Is there a trick for explaining the following constraint as a set of linear (in)equalities?

$$ \sum_{i=1}^n|x_i-a_i|>0, $$ where $a_i$'s are real constants.

  • $\begingroup$ So, actually this means "not all $x_i$ equal to $a_i$" or equivalently "at least one $x_i$ that is not equal to $a_i$". Because the only case that the sum in LHS is not $>0$ is when every $x_i=a_i$. $\endgroup$ – Jimmy R. Dec 9 '14 at 22:15

Suggestion: This constraint actually excludes only the vector $$\vec{x}=\vec{a}$$ Therefore an idea would be to solve the LP without this constraint. If the result is exactly this vector then adjust appropriatelly (for example move $ε$ to some acceptable direction). If the result is not this exact vector, then you obtain at no extra cost that this solution is optimal also for the constrained LP.

The second case is straightforward, while the first case might be more complicated to resolve.

If you have (as in most LP's) that $x_i \ge 0$ and you have an $a_i<0$ then the constraint is automatically fullfilled in every feasible solution $x$. The point is that you might cirmuvent easily this constraint in many problems, depending on the specific details about the problem, while in full generality it might be more difficult (computationally).


We have by elementary cases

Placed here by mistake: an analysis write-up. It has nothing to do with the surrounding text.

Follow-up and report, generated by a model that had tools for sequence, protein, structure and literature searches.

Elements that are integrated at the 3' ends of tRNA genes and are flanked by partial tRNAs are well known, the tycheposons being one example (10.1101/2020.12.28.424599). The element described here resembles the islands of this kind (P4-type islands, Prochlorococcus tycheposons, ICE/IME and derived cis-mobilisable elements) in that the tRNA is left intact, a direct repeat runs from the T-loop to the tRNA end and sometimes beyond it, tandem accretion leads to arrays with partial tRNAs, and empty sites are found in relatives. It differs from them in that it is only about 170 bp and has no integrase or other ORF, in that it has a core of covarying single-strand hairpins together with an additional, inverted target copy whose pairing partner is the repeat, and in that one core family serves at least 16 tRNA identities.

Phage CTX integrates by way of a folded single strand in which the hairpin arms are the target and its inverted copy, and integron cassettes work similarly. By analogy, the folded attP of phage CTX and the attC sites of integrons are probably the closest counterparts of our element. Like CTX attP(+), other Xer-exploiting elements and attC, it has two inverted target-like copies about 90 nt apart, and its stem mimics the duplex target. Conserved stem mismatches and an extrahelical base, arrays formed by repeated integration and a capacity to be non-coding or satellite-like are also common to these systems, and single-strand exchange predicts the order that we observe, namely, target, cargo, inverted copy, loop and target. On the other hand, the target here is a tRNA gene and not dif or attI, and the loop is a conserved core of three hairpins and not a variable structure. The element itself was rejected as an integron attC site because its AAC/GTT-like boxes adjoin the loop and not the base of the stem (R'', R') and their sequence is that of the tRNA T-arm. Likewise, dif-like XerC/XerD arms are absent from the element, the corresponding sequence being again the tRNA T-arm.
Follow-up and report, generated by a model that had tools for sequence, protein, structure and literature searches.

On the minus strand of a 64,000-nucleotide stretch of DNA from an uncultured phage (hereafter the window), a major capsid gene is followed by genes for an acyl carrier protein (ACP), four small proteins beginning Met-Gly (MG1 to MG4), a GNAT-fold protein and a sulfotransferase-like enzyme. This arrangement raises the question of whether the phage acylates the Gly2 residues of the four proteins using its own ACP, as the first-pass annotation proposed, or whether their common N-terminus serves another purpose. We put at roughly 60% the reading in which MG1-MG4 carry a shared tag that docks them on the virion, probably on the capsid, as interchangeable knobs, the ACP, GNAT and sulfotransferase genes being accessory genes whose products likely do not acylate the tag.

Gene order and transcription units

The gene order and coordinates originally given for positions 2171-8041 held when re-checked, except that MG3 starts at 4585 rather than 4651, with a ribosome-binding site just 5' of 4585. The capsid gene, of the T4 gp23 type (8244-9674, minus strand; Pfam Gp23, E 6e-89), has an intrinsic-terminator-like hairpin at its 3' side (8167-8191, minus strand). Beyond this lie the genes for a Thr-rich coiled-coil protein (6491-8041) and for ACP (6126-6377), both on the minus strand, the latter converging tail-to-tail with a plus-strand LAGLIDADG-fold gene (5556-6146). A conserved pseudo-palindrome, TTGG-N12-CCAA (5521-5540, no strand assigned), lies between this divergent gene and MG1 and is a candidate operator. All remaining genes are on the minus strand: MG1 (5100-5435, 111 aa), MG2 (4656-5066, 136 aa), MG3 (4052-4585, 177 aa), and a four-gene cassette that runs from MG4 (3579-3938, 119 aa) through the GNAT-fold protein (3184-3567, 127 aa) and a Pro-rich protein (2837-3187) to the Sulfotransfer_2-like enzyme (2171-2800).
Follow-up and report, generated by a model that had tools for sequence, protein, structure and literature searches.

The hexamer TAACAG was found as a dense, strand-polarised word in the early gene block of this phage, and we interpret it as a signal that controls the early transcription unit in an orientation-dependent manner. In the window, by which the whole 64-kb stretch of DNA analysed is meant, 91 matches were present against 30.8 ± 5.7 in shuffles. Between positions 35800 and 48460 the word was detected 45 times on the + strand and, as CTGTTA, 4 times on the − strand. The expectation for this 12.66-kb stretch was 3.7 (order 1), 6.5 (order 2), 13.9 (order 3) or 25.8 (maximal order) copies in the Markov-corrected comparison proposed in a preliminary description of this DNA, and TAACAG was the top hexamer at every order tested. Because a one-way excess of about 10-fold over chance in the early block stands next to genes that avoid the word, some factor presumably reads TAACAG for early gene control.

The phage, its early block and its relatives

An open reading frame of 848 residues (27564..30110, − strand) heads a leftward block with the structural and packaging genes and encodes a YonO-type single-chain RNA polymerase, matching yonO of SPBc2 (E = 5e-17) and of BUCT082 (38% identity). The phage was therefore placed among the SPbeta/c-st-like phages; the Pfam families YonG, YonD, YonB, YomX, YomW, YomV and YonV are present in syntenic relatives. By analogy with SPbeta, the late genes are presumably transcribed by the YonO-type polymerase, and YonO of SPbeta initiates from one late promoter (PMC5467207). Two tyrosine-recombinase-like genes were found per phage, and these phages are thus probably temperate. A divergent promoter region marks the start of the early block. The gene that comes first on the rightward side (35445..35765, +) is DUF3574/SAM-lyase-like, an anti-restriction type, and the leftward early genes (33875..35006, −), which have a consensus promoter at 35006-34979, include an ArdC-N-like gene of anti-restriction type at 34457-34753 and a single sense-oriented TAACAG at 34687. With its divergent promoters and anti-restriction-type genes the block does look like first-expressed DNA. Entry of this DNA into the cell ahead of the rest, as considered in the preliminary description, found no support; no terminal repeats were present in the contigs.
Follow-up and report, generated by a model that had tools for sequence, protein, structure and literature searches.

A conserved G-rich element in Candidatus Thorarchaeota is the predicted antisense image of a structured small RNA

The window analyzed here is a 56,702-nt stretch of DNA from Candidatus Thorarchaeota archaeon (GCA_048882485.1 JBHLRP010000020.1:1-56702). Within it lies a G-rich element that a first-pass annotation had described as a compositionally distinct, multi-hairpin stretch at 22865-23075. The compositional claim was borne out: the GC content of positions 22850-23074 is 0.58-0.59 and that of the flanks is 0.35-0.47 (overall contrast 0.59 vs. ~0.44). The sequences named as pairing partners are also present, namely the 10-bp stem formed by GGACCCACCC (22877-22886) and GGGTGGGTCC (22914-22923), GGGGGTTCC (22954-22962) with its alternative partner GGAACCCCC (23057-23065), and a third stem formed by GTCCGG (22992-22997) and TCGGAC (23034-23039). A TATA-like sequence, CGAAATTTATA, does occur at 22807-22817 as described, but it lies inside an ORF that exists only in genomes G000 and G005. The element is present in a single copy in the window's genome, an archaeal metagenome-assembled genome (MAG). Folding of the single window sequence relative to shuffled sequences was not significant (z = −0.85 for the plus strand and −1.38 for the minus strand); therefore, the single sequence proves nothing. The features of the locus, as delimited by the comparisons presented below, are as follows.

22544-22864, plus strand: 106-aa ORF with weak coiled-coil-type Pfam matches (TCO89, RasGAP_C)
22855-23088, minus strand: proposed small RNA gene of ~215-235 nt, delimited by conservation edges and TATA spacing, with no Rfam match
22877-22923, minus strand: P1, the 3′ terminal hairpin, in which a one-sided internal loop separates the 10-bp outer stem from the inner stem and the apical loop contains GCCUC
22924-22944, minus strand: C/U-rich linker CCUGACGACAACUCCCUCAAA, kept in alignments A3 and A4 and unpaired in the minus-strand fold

$|x|<a \Leftrightarrow -a < x \wedge x < a$
$|x|>a \Leftrightarrow x < -a \vee a < x$

  • $\begingroup$ Well! I look for a formulation that avoids an exponential number of linear inequalities. Does your suggestion guarantee that? $\endgroup$ – Hossein Dec 9 '14 at 22:23
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    $\begingroup$ @Hossein What is exponential about $2n$ constraints with pairwise OR and grouped by AND? $\endgroup$ – AlexR Dec 11 '14 at 8:59
  • $\begingroup$ Suppose the constraint $|x|+|y|+|z|\geq1$. One way for describing this constraint is to use the following $2^3$ constraints: $x+y+z\geq1$, $-x+y+z\geq1$, $x-y+z\geq1$, ..., $-x-y-z\geq1$. So, for a constraint which has $k$ absolute value terms, we have $2^k$ linear constraints, which is undesirable. However, I cannot understand the purpose of the hint completely. $\endgroup$ – Hossein Dec 11 '14 at 19:20
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    $\begingroup$ @Hossein from your example I thought you had only terms of the form $|x+y|\stackrel<> a$. Unfortunately this form of exponential growth is impossible to prevent for linear programs. For nonlinear programs you could square the inequality to obtain $(x+y)^2 \stackrel<> a^2$, though. $\endgroup$ – AlexR Dec 11 '14 at 21:24

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